Roasting 101: Dialing in a Coffee Roast Profile

There are several ways one can create and dial in a coffee roast profile for production. After years of working on teams of production roasters, in house roasting expert Mike Romagnino is sharing what has historically worked best for him.

The 5 Steps to Dialing in a Coffee Roast Profile

The next time you’re working on developing a production coffee roast profile, we recommend you follow these five simple steps. This will help you achieve consistency from batch to batch and ensure your team is calibrated in roasting approaches and philosophy.

Step 1. Sample roasts

Step 2. Cup & evaluate your sample roasts

Step 3. Trial production roasts

Step 4. Cup & evaluate your trial production roasts

Step 5. Create & develop a coffee roast profile to use for production

Step 1: Sample Roasts

You have just purchased new green coffees and are excited to release them onto your menu. Some coffees you may have had on your menu in previous years. However, others you may have not and need to develop a roasting profile for them. A terrific way to start is by doing sample roasts of a new coffee. Doing multiple roasts and taking them to different roast levels will give you the opportunity to see what the coffee has to offer. Through this, you will see what different flavors can be brought out and how the coffee reacts while being roasted.

Step 2: Cup & Evaluate your Sample Roasts

We recommend that you cup and evaluate each sample roast side by side. Take notes of what you are tasting, what you liked, didn’t like and why. It always makes for a better experience to cup and taste with multiple people to get their insight and feedback. Once you have finished tasting and discussing the sample roasts, you can then formulate a plan for trial production roasts.

While formulating a plan for your trial production roasts, set goals and parameters for how you would like to approach. When roasting new coffees, we recommend you set a clear process and objectives. For example, in the sample roasts, there may have been certain flavors or pleasant acidity that you want to highlight in the production roasts.

Step 3: Trial Production Roasts

We recommend that you complete at least two trial production roasts at different roast levels. This is so you have some comparison on the cupping table. An effective way to get variance with your batches is to roast to different development times, end temperatures and duration. This will give you different perspectives and flavors to taste through, evaluate and discuss.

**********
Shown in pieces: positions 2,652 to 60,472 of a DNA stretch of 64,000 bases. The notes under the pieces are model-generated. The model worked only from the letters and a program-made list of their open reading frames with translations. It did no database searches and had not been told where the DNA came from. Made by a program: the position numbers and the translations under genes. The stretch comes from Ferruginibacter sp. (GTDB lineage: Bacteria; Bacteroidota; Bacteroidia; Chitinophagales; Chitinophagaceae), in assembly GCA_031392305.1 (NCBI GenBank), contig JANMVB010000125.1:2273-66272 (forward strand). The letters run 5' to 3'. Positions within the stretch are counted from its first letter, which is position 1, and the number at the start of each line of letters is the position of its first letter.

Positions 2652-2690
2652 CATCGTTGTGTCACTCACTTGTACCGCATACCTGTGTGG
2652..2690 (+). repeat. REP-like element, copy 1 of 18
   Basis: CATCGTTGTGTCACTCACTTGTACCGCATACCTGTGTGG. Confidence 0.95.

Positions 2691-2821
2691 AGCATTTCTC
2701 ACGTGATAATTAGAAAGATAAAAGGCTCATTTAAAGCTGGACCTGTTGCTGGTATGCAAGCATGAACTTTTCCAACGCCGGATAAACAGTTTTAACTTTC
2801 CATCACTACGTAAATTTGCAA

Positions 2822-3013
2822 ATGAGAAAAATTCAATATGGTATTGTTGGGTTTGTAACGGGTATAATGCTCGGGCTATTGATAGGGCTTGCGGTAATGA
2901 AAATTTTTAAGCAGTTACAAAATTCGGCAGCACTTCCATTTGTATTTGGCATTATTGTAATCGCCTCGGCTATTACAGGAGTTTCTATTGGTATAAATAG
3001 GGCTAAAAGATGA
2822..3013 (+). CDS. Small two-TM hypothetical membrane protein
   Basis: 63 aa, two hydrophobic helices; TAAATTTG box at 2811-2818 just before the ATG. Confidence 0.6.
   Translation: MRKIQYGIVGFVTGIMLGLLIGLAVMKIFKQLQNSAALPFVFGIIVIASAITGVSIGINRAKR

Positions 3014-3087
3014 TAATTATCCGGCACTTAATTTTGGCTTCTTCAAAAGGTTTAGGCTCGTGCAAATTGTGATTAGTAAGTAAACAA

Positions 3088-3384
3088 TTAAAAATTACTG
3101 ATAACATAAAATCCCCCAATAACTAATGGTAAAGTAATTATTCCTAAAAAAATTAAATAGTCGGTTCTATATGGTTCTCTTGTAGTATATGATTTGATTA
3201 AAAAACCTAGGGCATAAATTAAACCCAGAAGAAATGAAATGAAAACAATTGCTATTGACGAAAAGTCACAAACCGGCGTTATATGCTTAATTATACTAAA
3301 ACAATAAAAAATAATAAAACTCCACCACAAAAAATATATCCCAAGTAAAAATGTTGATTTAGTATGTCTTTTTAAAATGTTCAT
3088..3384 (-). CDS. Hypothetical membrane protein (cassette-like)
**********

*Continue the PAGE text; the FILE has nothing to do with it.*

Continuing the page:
Step4 : Cup & Evaluate your Trial Production Roasts

Similar to the sample roasts, you should cup and evaluate your production roasts side by side while recording your and others feedback. If you are pleased with the outcome of your trial roasts, and you can set a profile that can be used to release this coffee onto your menu. If you are not pleased with the outcome of your trial roasts, adjustments and additional trial roasts will need to take place. Did you under develop your roast and need to push it further to bring out more body? Or maybe you overdeveloped your roast and need to pull back to have more crisp acidity up front? Make the adjustments needed at this point so that you can steer the roast into the production coffee roast profile that will work best for you and your customers.

Step 5: Create & Develop a Coffee Roast Profile

Once you have tasted your trial roasts and considered feedback, you can make adjustments that will ultimately become your roast profile. Once the profile is set, it is easier to keep consistency from batch to batch when multiple people are roasting the same coffees.

There are times, however, when you may need to adjust a production coffee roast profile. If a coffee has been on your menu for an extended period and is starting to show age, perhaps it is time to adjust. Or if you received feedback on the roast from new cupping sessions, employees or even customers, perhaps it is time to adjust.

If you need to adjust an existing production coffee roast profile, have no fear! This is something you will likely need to do at some point while a coffee is on your menu. We recommend that you taste your roasts every week so that you can stay on top of the flavor profile. This will also help to ensure that you are producing the cup that you ultimately want.

Your Coffee Roast Profile

Following these steps of roasting and tasting will ensure you and your team are calibrated in your roasting approaches and philosophy. We know that this approach will help you to achieve consistency from batch to batch. As always, if you have any questions don’t hesitate to reach out. You can contact us here!